The effects of a slew of new and increased taxes introduced since the start of the crisis were first observed in the wages of those still fortunate enough to have jobs, who saw their take-ho...
EDITORIAL
Banks need to step up
What has been leaked so far regarding the results of the stress tests on Greeces lenders, which are due to be published on Sunday, appears positive. Greece needs a healthy, private banking ...
Inside Comment
SPONSORED LINK: FinanzNachrichten.de
SPONSORED LINK: BestPrice.gr
RECENT NEWS
1. Nicosia says reforms are bringing results
2. Samaras pledges action after flash floods in Athens
3. No court hearings for civil cases
4. Greeces lenders seem adamant that govt must act on bailout commitments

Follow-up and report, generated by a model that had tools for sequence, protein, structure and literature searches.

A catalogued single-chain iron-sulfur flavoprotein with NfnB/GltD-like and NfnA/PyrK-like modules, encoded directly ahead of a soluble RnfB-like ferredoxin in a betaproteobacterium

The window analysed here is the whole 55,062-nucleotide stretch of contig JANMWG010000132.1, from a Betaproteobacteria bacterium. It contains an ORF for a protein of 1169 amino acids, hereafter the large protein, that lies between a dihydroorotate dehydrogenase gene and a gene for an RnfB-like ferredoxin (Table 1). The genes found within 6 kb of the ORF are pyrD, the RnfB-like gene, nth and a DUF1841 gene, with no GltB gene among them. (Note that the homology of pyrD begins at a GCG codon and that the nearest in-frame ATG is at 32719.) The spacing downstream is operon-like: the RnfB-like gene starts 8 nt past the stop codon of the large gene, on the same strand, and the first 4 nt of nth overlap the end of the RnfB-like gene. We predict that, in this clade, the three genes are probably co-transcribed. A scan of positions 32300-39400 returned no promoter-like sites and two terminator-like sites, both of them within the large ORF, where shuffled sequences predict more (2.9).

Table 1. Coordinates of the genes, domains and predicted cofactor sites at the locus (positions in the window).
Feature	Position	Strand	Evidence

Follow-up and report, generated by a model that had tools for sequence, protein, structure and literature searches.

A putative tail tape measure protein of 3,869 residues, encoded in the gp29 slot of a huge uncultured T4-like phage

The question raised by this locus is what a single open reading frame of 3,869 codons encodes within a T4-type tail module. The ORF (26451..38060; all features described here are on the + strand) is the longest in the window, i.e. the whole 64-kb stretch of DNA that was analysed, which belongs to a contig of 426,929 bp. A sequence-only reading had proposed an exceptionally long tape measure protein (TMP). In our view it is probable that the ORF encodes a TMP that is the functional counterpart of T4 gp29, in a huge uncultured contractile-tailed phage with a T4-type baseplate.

5. Future of Attica trash set to become clearer
6. Policeman admits to murder of his cousin-in-law
more news
Today
This Week
1. End of reason, end of humanity
2. Banks need to step up
3. Nicosia says reforms are bringing results
4. Samaras pledges action after flash floods in Athens
5. No court hearings for civil cases
6. Two small boats sink at Lavrio port
Today
This Week
1. The past, present and future of the Greek debt crisis
2. Greeces closed society is central to its current malaise
3. Greece must stick to reforms, says Schaeuble
4. At least 11 banks to fail European stress tests, three in Greece, report says
5. Cyprus to block Turkey's EU talks after EEZ violation
6. Stop moaning and get in the game
Find us ...
... on
Twitter
... on Facebook
About us  |  Subscriptions  |  Advertising  |  Contact us  |  Athens Plus  |  RSS  |   
Copyright 2014, H KAΘHMEPINH All Rights Reserved.